February 2017 was the big a-ha moment for me. As Frank sang in “That’s Life:”
“You’re riding high in April
Shot down in May
But I know I’m gonna change that tune
When I’m back on top, back on top in June.”
It was at this point that I decided to be back on top (not quite in June but who’s keeping track) by improving my health physically, mentally, spiritually, and financially. My wife bought me a Fitbit, which has helped me lose and keep off 25 pounds. I decided to let go of the bitterness and anger that had been consuming me since I was fired. I re-learned to appreciate what I had. Less was more. My circle of friends and family was small but powerful, giving credence to the adage of quality over quantity. The habits I developed when I was broke laid the foundation for my current frugal lifestyle. I still bag breakfast and lunch. I carry instant coffee packets with me so I don’t have to buy coffee at work. I still count coins, use the rebate apps for grocery purchases, and cash in my cans and bottles — though I’ve stopped actively looking for cans and bottles on the street. After all, there are people more needy that I am at the moment who can benefit from those discarded cans and bottles.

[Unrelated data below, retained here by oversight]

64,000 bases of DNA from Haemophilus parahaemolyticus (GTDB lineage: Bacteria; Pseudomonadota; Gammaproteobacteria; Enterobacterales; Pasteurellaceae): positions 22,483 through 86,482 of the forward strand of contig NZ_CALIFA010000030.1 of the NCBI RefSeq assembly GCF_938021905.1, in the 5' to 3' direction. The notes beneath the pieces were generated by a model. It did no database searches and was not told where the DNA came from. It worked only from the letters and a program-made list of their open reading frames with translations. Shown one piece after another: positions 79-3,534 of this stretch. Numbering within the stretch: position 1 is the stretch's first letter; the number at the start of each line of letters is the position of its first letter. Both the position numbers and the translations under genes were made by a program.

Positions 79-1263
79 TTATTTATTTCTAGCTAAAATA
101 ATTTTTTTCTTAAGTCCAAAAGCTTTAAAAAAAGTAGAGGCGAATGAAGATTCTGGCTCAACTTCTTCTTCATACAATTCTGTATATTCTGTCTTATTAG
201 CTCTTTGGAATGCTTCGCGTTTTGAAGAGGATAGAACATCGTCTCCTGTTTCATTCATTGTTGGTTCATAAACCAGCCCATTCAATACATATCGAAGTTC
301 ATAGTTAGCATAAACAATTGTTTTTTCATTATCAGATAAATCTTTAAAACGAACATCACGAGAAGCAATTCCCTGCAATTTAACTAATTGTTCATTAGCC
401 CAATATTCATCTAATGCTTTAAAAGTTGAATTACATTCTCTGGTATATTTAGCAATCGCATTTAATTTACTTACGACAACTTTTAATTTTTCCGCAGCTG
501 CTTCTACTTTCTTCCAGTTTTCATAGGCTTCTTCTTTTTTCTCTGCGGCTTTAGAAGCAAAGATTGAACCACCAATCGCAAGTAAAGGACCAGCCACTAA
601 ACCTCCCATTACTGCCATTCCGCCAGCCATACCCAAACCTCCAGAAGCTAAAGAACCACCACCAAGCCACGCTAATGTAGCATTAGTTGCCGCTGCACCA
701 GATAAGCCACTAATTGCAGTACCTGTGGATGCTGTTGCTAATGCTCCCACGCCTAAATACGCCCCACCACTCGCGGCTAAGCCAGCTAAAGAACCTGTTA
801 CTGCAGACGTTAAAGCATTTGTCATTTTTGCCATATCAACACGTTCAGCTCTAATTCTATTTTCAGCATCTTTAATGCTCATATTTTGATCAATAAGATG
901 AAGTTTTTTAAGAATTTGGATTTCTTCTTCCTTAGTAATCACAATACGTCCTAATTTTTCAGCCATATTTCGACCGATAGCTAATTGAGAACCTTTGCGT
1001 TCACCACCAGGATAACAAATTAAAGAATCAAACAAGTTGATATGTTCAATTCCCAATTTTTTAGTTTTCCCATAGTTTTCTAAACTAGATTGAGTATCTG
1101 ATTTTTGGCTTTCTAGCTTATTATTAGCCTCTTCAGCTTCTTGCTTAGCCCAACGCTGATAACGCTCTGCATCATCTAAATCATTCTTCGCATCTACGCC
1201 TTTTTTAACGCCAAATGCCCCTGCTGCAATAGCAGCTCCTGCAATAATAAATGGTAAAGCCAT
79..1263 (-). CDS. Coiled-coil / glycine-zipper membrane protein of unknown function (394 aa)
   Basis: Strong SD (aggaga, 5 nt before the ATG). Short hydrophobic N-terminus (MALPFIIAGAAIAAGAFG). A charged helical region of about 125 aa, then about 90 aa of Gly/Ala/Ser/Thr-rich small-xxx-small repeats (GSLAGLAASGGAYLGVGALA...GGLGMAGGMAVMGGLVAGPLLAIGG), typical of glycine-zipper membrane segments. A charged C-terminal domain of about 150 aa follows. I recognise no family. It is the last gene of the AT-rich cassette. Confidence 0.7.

In October 2017 I was given the opportunity to bartend once again. This put me on my new path and goal: Debt-Free by Fifty.
Working my day job as Café Manager at Barnes and Noble alongside one night a week at Finn’s Corner in Brooklyn, I’ve been able to slowly chip away at the massive debt I had accumulated since I got laid off in 2014. At that point I had student loans totaling almost $60,000, two peer-to-peer loans, and about ten lines of credit of various amounts. Sitting here today, I’ve paid off five credit cards, closing three of them completely. I’m working on paying off a sixth card and have completely paid off one of the peer-to-peer loans with $1,000 left on the second one.
I know that I am nowhere near from being debt-free. That monster of a student loan is my Mount Everest. But with a little more than four years before I turn 50, I’m in a better place than a year ago, let alone three to four years ago. To quote Ol’ Blue Eyes one last time:
“I’ve been up and down and over and out
And I know one thing
Each time I find myself flat on my face
I pick myself up and get back in the race.”
I’m going win that race. Just you wait and see.
Francisco is a café manager at a chain bookstore and a bartender in Brooklyn. Read about his adventures in trying to improve himself at SiscoVanilla Hits the Bricks and his escapades with cocktails and spirits at SiscoVanilla Serves and Drinks.
This story is part of The Billfold’s Financial Struggles series.